Google Forms Really Mature

I’ve been a user of Google Forms forever, it seems.  They’re a great way to collect opinions, quick testing, gathering observations, going paperless, …  Entries come in with a timestamp and you can ask for identifying information or just keep it random.  Things are done at the user keyboard and I think that, properly done, it’s one of the better electronic activities that you can use right in your classroom.

There are a couple of really neat features that you can use to make your work look and act even more professionally.  Google continues to work at their offerings to make them mature and just add additional functionality.

Themes

Of course, there’s nothing better than a great looking form.  But, don’t stick to the boring default – choose a cool theme.  Select “Change Theme” from the menu bar and select from some looks that range from fun to professional looking.

Even the best theme can sometimes use a little tweak!

Within each theme (or the blank default), select the “Customise” option and change to your hearts content!

Once you have the perfect customised theme, you may not want to use it just once.  In fact, you may have a theme that you’d like to use consistently throughout that class or that subject area.  

Copy and apply that perfect theme to your new form!  With a background or header image, you can have a consistent display (or even class messages) that appear every time you use that theme.  Lots of ideas can be incorporated.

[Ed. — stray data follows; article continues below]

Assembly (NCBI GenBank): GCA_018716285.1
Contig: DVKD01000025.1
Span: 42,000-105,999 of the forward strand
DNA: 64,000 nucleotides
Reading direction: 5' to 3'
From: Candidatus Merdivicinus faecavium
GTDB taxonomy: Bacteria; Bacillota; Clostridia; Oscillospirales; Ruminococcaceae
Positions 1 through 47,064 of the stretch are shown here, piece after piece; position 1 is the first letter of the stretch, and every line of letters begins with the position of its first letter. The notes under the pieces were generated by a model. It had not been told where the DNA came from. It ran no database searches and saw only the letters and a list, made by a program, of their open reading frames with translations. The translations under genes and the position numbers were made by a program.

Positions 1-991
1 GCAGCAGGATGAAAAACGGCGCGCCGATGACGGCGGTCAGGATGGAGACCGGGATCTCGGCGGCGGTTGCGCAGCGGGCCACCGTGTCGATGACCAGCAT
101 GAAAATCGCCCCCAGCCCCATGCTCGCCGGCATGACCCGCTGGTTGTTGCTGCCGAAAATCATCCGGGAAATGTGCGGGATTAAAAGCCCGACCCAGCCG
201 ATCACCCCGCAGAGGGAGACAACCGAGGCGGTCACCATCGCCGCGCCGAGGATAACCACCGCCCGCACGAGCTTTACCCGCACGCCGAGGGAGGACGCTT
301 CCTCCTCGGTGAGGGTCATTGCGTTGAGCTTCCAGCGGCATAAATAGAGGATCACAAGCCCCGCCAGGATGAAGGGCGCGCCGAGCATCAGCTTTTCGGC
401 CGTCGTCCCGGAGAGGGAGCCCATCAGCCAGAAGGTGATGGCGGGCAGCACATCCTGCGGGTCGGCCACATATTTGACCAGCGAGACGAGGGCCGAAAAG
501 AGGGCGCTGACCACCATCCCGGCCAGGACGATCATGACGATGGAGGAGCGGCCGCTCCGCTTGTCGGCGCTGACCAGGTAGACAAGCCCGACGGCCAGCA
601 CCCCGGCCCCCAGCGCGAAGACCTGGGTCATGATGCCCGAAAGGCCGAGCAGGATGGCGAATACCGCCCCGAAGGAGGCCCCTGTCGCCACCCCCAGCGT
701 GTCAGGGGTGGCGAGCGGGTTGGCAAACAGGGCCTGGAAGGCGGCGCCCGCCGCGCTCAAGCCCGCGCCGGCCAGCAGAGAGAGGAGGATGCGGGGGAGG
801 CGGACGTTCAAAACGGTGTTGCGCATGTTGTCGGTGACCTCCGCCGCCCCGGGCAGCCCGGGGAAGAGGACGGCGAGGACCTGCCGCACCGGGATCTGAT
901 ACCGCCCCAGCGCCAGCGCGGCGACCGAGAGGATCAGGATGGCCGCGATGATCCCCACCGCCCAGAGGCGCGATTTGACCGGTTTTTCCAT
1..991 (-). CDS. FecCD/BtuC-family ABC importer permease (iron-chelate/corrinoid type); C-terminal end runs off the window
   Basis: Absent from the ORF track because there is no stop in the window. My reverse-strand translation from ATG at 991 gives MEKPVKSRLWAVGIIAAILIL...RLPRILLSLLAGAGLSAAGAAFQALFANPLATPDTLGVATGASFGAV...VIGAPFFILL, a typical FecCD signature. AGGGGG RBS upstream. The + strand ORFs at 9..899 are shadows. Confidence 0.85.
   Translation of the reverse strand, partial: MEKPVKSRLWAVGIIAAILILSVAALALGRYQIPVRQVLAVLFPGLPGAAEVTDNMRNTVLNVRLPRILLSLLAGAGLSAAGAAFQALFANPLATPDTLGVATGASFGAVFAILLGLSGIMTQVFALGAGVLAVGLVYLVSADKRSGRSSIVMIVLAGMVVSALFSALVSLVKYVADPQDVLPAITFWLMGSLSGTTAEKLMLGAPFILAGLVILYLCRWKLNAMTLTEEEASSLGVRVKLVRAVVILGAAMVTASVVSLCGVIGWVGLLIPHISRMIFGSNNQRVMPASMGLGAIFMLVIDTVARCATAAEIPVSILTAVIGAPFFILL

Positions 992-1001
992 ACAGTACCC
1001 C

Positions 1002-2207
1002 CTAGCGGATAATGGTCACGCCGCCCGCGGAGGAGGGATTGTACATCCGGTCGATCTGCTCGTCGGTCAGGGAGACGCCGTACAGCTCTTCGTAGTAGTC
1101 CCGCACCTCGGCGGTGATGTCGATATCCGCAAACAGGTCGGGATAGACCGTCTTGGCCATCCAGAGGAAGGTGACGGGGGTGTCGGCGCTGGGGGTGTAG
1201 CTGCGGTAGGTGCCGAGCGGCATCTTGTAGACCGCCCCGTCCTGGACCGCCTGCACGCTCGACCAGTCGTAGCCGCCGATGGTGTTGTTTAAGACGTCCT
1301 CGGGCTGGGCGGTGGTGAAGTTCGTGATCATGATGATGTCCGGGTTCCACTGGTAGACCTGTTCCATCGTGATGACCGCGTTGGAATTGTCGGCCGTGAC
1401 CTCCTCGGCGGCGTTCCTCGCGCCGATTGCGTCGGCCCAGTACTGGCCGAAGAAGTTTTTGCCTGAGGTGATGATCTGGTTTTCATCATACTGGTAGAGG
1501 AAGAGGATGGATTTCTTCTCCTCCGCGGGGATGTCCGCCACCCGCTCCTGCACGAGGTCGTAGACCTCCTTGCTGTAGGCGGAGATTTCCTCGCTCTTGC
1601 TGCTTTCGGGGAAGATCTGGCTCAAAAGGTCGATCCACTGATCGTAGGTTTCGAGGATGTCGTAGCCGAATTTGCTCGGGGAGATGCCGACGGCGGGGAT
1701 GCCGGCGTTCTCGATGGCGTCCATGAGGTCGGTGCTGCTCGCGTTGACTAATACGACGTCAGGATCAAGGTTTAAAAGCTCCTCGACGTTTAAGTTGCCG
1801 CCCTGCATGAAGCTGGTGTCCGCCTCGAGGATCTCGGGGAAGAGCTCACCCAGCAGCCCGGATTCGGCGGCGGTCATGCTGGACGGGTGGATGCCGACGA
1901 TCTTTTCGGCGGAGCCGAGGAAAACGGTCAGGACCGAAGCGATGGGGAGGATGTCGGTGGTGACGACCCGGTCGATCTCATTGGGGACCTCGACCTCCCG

Mix It Up (but not too much)

Now, I don’t want to say that I went to school with a bunch of cheaters, but I can remember paper tests that were labelled “Test A” and “Test B” and even duplicated on different coloured paper.  They were distributed such that even if you decided to take a peek at the person beside you the questions, while the same, were in a different order.  That functionality is available for your Google Form.  Of course, you could create two separate forms – but that’s old school!  This is 2014.

Just click the “Shuffle question order” and each visitor to the form will have their questions shuffled.  You’ve got to like that.

While you’re at it – there may be people trying to “game” your form by submitting multiple copies of it.  Supposed you’re doing a little quiz and you don’t want to take the best results for an individual making multiples in the hopes of getting one that’s right!  If they have and are logged into a Google account, check “Only allow one response per person”.

If you’re a Google Forms user, check out these features.  Your forms will look, and work, awesomely.

You’ll look like the professional you are with these features.

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